A delayed flight, an almost two-hour ride from airport to hotel because of traffic, a v-e-r-y careful examination of her passport – because it’s Pakistani – that made check-in painful, and nothing to eat since dinner last night (it’s now 2.30 pm). After all this, you’d expect Moni Mohsin, the London-based Pakistani author of The End of Innocence, a novel, and The Diary of a Social Butterfly, a collection of her satirical columns for the newspaper Friday Times, to not like Mumbai much. This is, after all, her first visit to the city and she’s only here for a day to release her new novel, Tender Hooks.
But once lunch has been ordered – Goan prawn curry with rice ("You decide please, I don’t want North Indian food"), a roomali paratha ("You don’t get it in London and I miss it") and green chillies on the side ("I hate it when people assume I don’t eat spicy food") – Mohsin surprises you.
"I always thought Mumbai must be beautiful, but I never imagined it would be this beautiful," she says, settling into her seat at Indus Cocktail Bar and Tandoor at Colaba’s Hotel Diplomat. "I was told I’d see appalling slums, but I saw nothing like that on the drive from the airport. What was really interesting was the trees. Lovely trees."
Trees? Trees? Can Mohsin really be the creator of Butterfly, a Lahori lady who lunches, who thinks her husband’s farm is bore and who only worries about terrorists and fundamentalists because they get in the way of her parties and GTs (oho baba, get togethers, don’t you know anything?).
Was it difficult transferring Butterfly to a novel when she continues to turn up in your Friday Times column?
Not at all. The column responds to what is happening in Pakistan. That’s journalism. Tender Hooks is not Like Butterfly, I’m a Punjabi girl. I know my character thoroughly. Once you know your character, you can, well, read her like a book. I know what Butterfly will do in any situation. For instance, while I was driving here from the airport, I knew what Butterfly would think about Mumbai.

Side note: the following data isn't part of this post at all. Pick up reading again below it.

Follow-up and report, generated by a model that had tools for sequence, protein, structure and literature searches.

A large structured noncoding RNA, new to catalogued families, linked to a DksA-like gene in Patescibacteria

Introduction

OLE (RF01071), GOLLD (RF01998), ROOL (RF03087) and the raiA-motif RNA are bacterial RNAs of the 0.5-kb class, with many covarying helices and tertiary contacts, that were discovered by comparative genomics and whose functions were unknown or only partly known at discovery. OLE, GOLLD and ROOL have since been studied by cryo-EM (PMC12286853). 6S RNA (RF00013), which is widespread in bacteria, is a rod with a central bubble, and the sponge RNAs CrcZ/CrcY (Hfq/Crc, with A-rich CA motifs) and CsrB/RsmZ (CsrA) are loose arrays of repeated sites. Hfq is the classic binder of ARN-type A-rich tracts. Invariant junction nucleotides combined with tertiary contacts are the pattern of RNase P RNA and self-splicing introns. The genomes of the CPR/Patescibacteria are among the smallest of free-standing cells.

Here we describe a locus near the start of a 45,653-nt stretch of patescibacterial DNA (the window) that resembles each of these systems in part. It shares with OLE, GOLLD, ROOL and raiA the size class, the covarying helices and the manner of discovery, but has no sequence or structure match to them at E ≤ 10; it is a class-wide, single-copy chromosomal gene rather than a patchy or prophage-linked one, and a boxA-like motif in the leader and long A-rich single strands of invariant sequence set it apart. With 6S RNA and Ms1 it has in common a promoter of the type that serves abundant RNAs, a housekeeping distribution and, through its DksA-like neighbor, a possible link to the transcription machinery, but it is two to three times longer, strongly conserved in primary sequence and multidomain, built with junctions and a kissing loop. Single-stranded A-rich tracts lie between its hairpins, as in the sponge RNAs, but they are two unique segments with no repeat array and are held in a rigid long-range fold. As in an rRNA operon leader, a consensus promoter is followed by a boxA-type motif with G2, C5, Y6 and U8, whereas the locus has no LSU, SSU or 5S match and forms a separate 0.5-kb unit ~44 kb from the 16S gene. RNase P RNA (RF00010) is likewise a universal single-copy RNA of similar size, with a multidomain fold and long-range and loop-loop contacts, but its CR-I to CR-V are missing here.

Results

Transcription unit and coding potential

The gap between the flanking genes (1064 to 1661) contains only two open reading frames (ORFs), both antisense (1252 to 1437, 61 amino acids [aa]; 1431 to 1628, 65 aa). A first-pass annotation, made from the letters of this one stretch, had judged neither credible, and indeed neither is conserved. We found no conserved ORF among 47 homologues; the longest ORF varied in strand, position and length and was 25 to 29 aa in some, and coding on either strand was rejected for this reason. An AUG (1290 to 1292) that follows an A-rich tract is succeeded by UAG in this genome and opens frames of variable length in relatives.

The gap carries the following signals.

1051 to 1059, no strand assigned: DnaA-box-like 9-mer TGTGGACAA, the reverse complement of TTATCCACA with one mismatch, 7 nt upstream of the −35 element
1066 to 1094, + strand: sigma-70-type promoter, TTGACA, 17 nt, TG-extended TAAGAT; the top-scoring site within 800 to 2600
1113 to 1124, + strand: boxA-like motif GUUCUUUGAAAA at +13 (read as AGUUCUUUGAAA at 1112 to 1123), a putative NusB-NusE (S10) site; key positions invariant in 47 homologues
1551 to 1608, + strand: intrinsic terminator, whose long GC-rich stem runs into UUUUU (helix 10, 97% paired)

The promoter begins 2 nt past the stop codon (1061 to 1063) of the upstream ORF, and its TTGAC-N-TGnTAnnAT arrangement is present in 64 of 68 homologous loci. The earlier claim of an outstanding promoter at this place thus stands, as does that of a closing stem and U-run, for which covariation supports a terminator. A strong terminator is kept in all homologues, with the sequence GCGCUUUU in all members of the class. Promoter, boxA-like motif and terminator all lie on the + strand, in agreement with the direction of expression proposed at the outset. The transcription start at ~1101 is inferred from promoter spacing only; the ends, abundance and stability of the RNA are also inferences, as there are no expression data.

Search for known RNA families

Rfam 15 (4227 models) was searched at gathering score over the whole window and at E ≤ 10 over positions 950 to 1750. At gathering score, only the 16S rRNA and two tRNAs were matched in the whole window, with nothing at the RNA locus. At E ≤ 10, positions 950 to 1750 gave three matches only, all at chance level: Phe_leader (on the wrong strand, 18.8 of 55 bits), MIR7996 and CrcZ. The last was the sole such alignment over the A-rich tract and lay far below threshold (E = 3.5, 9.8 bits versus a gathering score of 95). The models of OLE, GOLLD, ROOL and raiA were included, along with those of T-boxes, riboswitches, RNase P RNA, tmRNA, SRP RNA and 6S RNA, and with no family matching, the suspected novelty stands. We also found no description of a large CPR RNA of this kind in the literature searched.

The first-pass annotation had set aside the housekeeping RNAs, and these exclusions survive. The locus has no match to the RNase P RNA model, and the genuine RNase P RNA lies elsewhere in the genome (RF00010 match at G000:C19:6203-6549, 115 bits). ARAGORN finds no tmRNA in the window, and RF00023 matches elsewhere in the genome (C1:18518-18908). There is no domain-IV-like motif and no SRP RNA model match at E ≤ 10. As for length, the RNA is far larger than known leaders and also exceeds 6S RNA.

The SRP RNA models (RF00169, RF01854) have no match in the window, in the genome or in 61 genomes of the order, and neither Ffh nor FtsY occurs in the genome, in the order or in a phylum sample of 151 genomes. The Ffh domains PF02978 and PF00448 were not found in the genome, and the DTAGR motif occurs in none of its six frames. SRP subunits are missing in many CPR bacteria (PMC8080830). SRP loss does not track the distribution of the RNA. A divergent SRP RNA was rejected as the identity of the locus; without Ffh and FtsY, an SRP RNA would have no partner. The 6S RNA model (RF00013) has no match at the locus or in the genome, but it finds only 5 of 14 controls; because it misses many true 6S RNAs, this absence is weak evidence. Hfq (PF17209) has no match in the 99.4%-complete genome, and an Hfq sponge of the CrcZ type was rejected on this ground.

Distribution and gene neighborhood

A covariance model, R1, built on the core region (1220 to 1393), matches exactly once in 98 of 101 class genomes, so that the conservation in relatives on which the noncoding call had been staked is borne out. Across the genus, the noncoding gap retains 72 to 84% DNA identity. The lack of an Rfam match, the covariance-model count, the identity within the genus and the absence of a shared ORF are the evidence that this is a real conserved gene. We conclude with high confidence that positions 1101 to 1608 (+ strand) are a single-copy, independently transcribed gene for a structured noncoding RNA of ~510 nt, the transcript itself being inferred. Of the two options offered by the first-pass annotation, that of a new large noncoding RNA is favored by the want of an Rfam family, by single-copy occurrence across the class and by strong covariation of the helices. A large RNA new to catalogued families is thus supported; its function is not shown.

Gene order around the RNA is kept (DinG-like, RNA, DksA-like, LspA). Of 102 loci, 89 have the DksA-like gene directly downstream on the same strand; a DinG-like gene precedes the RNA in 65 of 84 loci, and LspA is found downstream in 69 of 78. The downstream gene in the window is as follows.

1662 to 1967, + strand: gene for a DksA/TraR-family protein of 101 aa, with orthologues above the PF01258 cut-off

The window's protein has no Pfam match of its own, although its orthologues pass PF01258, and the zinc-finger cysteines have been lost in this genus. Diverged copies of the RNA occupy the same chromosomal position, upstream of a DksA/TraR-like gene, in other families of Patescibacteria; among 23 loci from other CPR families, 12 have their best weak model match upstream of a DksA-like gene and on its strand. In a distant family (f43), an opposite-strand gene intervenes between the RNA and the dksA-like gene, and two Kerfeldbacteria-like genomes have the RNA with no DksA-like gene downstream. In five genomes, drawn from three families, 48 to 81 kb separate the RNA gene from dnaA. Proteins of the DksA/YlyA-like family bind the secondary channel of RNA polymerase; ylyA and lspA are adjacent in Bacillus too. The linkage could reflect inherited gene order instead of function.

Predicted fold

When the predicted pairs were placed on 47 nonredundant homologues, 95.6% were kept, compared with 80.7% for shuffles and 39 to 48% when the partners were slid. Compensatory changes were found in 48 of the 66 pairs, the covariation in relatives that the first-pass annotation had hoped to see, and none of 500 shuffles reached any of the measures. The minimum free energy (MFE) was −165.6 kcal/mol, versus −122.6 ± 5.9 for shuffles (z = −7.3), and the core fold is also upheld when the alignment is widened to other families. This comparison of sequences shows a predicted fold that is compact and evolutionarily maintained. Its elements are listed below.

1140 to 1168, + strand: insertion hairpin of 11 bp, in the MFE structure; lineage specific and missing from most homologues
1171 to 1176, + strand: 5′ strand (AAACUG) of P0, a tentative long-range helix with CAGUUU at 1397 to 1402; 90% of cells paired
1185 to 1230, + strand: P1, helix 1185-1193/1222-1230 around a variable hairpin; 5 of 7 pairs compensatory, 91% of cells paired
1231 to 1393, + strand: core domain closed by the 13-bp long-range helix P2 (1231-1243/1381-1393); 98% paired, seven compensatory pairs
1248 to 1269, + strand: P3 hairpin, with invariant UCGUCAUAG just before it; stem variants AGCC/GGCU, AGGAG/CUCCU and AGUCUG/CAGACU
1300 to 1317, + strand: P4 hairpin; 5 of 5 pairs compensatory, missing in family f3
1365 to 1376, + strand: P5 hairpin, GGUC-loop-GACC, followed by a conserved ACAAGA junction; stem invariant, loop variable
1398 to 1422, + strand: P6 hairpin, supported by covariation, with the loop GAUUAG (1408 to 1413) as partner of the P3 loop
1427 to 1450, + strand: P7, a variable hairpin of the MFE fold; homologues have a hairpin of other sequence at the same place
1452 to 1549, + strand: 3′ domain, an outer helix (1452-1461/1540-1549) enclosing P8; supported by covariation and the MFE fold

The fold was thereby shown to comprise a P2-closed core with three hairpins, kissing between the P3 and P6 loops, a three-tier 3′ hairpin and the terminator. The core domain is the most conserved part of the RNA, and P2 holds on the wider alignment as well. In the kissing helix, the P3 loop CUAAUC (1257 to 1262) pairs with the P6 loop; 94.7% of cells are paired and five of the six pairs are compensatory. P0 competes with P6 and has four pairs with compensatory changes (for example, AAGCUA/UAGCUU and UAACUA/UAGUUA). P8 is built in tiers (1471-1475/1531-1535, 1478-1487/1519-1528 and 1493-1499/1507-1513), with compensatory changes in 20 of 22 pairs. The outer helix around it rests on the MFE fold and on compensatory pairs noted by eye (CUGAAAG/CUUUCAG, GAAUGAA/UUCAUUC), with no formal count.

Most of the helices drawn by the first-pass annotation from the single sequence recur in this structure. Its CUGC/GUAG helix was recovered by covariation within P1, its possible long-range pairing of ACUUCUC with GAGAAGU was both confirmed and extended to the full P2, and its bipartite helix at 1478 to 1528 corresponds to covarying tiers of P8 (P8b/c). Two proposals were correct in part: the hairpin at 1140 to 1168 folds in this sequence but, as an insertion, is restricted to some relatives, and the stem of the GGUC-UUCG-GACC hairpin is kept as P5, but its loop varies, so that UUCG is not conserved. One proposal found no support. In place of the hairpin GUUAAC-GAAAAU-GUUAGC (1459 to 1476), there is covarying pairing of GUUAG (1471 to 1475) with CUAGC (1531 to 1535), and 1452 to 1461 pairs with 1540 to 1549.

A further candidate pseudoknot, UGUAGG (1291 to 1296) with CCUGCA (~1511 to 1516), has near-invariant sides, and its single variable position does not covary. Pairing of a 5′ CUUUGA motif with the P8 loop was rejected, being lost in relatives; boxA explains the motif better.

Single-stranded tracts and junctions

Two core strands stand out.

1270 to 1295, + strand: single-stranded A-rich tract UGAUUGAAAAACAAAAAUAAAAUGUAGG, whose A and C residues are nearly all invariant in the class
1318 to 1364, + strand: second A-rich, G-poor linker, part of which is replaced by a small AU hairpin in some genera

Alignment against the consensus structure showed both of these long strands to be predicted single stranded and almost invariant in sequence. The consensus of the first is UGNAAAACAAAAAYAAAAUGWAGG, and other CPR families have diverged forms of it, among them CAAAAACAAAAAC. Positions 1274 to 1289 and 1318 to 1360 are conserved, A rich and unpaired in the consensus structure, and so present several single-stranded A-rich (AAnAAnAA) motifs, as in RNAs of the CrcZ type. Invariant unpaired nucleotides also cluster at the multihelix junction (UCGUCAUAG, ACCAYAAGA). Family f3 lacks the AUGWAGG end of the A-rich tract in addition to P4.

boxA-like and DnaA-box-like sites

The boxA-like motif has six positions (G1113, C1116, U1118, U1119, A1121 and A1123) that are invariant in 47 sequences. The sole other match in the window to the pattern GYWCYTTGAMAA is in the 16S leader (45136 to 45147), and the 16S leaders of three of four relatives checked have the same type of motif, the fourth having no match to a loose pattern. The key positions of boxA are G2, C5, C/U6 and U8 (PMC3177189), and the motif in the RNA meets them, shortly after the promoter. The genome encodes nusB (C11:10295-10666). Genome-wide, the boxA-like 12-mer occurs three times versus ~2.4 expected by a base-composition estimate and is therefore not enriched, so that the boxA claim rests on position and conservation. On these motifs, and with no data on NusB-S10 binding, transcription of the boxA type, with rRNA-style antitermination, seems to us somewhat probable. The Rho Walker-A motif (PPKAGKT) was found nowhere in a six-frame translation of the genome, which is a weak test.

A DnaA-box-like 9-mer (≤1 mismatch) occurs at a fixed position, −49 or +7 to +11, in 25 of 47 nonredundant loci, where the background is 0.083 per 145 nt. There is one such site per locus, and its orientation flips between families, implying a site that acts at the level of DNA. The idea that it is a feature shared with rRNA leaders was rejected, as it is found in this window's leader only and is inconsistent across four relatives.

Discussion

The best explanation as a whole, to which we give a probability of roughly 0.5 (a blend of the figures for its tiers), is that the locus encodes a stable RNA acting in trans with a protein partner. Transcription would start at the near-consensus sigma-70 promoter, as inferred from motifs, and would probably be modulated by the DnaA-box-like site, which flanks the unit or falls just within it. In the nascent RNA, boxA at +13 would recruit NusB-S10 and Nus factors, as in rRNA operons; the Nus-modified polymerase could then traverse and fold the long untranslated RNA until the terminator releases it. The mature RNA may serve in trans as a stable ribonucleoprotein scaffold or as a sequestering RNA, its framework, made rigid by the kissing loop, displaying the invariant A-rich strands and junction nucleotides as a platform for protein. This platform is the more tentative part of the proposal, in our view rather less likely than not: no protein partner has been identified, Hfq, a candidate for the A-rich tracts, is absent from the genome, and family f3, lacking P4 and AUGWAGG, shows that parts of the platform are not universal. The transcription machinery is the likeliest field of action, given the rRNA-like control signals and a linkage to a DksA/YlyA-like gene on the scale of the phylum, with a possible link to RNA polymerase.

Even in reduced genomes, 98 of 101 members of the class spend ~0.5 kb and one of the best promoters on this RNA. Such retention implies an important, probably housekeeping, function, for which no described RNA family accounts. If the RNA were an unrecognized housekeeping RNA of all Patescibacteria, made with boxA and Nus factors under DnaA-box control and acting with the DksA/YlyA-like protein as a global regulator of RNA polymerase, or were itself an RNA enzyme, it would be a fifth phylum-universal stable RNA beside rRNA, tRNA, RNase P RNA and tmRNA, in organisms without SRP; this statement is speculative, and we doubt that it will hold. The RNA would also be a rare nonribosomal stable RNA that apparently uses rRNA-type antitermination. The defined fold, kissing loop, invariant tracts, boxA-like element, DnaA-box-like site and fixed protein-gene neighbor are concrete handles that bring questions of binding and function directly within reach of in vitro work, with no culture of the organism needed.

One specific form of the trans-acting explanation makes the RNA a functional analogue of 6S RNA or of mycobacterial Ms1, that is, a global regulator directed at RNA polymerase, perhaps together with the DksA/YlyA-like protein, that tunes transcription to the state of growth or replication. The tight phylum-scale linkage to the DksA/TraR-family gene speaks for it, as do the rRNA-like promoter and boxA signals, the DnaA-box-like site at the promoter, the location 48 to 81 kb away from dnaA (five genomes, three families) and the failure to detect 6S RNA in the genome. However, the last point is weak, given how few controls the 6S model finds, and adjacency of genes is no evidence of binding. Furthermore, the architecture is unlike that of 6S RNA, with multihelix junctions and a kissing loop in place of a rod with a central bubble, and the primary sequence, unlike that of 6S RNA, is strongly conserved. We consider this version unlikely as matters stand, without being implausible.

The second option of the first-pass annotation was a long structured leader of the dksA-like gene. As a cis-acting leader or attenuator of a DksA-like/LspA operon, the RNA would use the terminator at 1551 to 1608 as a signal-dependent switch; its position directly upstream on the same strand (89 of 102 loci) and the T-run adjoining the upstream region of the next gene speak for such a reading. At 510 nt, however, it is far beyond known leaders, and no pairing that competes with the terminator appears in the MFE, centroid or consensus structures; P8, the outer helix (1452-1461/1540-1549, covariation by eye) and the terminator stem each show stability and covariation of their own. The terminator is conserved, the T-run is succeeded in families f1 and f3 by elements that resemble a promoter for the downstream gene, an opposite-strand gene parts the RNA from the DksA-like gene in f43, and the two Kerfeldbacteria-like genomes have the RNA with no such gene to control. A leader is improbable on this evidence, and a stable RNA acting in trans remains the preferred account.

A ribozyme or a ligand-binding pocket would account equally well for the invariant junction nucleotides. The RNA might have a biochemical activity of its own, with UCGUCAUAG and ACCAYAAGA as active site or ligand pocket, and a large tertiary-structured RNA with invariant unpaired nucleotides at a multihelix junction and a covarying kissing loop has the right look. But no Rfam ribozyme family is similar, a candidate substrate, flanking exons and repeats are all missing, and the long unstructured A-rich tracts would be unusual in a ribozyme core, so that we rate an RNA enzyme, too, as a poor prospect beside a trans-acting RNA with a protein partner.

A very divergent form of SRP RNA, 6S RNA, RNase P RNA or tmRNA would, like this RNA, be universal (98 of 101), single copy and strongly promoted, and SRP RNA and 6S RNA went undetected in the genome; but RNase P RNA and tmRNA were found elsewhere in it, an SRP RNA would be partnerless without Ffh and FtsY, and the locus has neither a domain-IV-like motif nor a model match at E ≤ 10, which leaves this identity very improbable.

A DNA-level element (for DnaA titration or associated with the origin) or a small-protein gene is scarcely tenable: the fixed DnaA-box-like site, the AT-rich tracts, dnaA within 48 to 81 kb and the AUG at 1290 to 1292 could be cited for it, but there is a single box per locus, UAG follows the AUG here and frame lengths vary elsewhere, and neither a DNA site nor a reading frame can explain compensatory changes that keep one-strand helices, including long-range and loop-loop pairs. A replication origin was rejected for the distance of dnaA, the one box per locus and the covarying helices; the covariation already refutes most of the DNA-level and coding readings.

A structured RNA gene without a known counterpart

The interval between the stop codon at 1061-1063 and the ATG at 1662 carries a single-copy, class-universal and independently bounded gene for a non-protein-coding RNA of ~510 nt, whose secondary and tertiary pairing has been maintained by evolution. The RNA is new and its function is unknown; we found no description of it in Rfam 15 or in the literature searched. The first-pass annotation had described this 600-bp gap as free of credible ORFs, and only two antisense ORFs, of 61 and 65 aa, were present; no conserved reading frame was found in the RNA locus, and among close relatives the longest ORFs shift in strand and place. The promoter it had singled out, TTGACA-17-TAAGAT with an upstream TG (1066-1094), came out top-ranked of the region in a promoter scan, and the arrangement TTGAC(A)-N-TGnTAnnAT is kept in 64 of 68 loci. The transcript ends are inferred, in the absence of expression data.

Did you wonder, when Diary… was published in India, how it would be received?
People kept telling me I should publish the columns as a book, and I kept resisting. But then I attended the Jaipur Literature Festival and found that the halls where Pakistani writers spoke were as full as the hall where Ian McEwan spoke. I was writing a novel at the time, which wasn’t going well, so I compiled the columns. Since it took only a month, it was no skin off my nose if it didn’t do well, but I was told by a friend one day to check the Indian bestseller lists, and there it was! Tender Hooks is also being published in the UK now. I didn’t want to publish there before because there’s a lot of Urdu in the book, but we’re doing it now.
Why shouldn’t books with words in Urdu be published in the UK? I mean, we read books written in Irish and Scottish dialects.
I suppose they’re just not used to it coming back to them. But that’s changing now in the UK. They’ve been exposed to quite a lot of South Asian lingo recently, with TV shows like Goodness Gracious Me and movies like East is East. So Tender Hooks is being published in the UK, though it is in an English version – some of the phrases have been translated. For instance, ‘the bhookha-nangas’ has been translated to ‘the hungry-nakeds’ and ‘khandaani’ is ‘old family’ and so on. I don’t mind. I don’t like books that have, for instance, too much French.
Every chapter of Tender Hooks begins with a headline. The picture we get of Lahore is distressing. Bomb blasts, shootouts, schools threatened by fundamentalists… Is it really like that?
Yes. On a daily basis, it’s bad. If someone were to write a novel about it, it would be very grim. But people have become resilient, and that’s what I wanted to show by using those headlines in every chapter. People just carry on. That’s the sad part of it.
Your novel, The End of Innocence, didn’t do as well as Diary... Does that hurt?
I feel bad that something I slaved over wasn’t well received, but... it’s like children. Some do well, some don’t. But it did hurt because I’d put a lot of myself in it, which I hadn’t with Butterfly. Actually, no. No. Butterfly is me really. Exaggerated, but me. I notice things like brand names and labels. But that doesn’t mean this is all there is to my existence. If that was entirely true, I wouldn’t have had the distance and irony to write the book. But if I’d been Mother Teresa, I couldn’t have written it either.
For an extract from Tender Hooks, go to
- From HT Brunch, January 30
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